- 145. Goudos SK, Baltzis KB, Antoniadis K, Zaharis ZD, Hilas CS. A Comparative Study of Common and Self-Adaptive Differential Evolution Strategies on Numerical Benchmark Problems. Procedia Computer Science. 2011: 83–88.
- 146. Ghosh S, Das S, Kundu D, Suresh K, Abraham A. Inter-particle communication and search dynamics of lbest partice swarm optimizers: an analysis. Information Science. 2012: 156–168.
- 147. Niwa J. Glowworm optimization. International Conference on Swarm and Evolutionary Computation. Springer-Verlag. 2012: 310–316.
- 148. Xu G. An adaptive parameter tuning of particle swarm optimization algorithm. Applied Mathematics and Computation. 2013: 4560–4569.
- 149. Iranpour B, Meybodi M. An Improved Fuzzy Based Glowworm Algorithm. International Journal of Engineering and Technology. 2012: 900–905.
- 150. Liao T, Molina D, Stutzle T, Oca MAM, Dorigo M. An ACO algorithm benchmarked on the BBOB noiseless function testbed. International Conference on Genetic and Evolutionary Computation Conference Companion. 2012: 159–166.
- 151. Liao T, Oca MAM, Aydin D, Stutzle T, Dorigo M. An Incremental Ant Colony Algorithm with Local Search for Continuous Optimization. Genetic and Evolutionary Computation Conference. 2011: 125–132.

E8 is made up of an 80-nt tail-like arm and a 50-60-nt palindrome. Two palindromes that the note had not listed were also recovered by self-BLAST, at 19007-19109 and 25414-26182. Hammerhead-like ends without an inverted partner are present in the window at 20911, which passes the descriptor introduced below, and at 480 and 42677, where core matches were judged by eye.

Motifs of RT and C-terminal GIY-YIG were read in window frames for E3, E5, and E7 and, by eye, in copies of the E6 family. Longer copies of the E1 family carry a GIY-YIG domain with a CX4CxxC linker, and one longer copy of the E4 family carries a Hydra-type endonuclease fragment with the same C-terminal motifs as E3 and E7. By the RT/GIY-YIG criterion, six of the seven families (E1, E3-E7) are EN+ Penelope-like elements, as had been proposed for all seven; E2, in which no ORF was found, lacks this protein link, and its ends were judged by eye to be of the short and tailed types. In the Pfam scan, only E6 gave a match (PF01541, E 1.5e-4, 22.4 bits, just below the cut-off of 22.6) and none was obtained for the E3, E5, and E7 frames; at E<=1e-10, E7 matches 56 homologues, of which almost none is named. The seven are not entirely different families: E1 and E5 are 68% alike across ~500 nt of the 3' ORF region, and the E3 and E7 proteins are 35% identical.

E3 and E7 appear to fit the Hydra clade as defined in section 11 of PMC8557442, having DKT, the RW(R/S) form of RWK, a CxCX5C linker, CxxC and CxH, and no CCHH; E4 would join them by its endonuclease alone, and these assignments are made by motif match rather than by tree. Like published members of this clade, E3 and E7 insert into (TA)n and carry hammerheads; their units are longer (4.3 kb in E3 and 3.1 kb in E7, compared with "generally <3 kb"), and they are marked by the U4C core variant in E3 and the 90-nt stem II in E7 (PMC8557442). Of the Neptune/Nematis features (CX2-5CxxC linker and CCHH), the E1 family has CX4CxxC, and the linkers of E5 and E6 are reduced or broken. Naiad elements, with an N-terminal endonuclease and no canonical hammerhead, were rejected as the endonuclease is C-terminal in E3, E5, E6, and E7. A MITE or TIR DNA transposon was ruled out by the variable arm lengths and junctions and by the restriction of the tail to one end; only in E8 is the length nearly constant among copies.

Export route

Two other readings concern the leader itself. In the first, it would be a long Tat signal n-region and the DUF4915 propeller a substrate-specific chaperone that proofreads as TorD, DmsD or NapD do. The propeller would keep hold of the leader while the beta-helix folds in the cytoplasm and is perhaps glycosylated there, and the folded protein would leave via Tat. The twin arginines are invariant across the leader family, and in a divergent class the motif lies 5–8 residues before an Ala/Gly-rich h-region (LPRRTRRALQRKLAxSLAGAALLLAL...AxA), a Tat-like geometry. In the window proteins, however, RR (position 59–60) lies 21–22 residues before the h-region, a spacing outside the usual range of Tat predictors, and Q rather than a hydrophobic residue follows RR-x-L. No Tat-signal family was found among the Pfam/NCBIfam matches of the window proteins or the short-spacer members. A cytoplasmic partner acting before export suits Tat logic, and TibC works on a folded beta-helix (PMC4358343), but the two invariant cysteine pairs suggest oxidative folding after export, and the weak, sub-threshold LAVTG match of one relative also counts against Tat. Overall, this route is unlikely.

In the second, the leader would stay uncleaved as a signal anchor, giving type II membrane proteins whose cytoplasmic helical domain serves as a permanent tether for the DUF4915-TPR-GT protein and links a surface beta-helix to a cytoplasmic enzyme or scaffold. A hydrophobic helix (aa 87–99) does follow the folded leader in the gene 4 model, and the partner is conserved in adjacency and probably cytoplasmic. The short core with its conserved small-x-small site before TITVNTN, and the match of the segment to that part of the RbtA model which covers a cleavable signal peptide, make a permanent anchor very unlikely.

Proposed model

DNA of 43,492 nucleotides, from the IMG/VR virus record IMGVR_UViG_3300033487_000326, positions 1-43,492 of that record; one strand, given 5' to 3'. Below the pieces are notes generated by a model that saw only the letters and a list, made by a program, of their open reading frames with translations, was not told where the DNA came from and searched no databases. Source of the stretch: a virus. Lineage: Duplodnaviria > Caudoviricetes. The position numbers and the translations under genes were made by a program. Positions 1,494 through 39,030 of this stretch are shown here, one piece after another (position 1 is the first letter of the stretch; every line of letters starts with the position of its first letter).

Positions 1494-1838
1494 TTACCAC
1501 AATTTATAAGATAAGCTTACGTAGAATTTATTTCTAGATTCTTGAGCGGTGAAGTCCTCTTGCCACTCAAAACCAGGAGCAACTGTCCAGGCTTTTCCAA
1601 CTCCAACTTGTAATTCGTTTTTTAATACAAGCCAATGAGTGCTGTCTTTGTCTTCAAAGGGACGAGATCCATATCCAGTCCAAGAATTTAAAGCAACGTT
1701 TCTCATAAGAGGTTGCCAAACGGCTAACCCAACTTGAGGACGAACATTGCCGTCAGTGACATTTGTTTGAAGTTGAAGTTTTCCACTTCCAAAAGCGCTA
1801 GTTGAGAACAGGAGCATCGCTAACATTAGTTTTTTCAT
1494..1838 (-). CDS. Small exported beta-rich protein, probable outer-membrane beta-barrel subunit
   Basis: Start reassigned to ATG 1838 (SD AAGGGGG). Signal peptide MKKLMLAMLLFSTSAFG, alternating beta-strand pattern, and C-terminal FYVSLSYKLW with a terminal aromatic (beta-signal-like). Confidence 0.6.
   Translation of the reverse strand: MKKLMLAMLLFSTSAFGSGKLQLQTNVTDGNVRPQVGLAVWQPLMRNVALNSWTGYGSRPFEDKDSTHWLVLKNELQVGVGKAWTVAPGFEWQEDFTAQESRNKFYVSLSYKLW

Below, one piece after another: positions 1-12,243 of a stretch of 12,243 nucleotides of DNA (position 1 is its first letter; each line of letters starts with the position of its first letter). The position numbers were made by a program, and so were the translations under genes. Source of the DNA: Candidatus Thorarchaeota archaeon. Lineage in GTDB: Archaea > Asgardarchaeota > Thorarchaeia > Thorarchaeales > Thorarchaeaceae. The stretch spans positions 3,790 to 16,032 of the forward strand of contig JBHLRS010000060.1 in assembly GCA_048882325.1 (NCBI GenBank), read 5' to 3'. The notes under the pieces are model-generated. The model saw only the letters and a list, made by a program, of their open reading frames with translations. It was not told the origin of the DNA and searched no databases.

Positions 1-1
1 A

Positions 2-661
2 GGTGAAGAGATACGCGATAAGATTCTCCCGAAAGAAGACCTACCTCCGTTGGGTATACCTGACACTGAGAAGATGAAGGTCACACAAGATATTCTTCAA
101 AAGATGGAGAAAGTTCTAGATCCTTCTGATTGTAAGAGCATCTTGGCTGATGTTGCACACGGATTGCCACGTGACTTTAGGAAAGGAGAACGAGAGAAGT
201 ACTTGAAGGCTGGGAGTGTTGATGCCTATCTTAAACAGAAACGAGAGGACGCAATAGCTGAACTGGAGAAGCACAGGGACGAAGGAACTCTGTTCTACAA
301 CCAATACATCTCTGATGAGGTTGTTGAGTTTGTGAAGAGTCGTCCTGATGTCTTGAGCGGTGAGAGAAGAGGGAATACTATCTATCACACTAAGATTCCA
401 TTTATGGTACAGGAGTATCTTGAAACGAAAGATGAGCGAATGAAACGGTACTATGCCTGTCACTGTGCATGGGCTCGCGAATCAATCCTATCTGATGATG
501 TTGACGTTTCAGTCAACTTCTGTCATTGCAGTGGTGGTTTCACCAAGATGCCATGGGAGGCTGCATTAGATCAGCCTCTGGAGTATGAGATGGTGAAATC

- 152. Socha K, Dorigo M. Ant colony optimization for continuous domains. European Journal of Operational Research. 2008: 1155–1173.
- 153. Maniezzo V, Gambardella LM, Luigi F. Ant Colony Optimization. 2001: 1–21. Available: http://www.cs.unibo.it/bison/publications/ACO.pdf. Accessed 02 December 2013.
- 154. Wu B, Qian C, Ni W, Fan S. The improvement of glowworm swarm optimization for continuous optimization problems. Expert Systems with Applications. 2012: 6335–6342.
- 155. Hansen N, Kern S. Evaluating the CMA Evolution Strategy on Multimodal Test Functions. Parallel Problem Solving from Nature—PPSN VIII. 2004;3242: 282–291.
- 156. Ma T, Yan Q, Xuan W, Wang B. A Comparative Study of Quantum Evolutionary Algorithm and Particle Swarm Optimization for Numerical Optimization Problems. International Journal of Digital Content Technology and its Applications. 2011;5(7): 182–190.
- 157. Devi S, Jadhav DG, Pattnaik SS. PSO Based Memetic Algorithm for Unimodal and Multimodal Function Optimization. SEMCCO, Part 1. 2011: 127–134.
- 158. Simon D. Evolutionary Optimization Algorithms: Biologically-Inspired and Population-Based Approaches to Computer Intelligence. 2013. Available: http://academic.csuohio.edu/simond/EvolutionaryOptimization/. Accessed 05 December 2014.
- 159. Mirjalili S. Biogeography-Based Optimizer (BBO) for training Multi-Layer Perceptron (MLP). 09 March 2014. Available: http://uk.mathworks.com/matlabcentral/fileexchange/45804-biogeography-based-optimizer—bbo—for-training-multi-layer-perceptron—mlp-/content/BBO-MLP/Monte.m. Accessed 05 December 2014.
- 160. Yang XS. Cuckoo Search (CS) Algorithm. 22 December 2010 Available: http://uk.mathworks.com/matlabcentral/fileexchange/29809-cuckoo-search—cs—algorithm. Accessed 05 December 2014.
- 161. Karaboga D, Akay B. Artificial Bee Colony (ABC), Harmony Search and Bees Algorithms on Numerical Optimization. 14 December 2009. Available: http://mf.erciyes.edu.tr/abc/software.htm. Accessed 05 December 2014.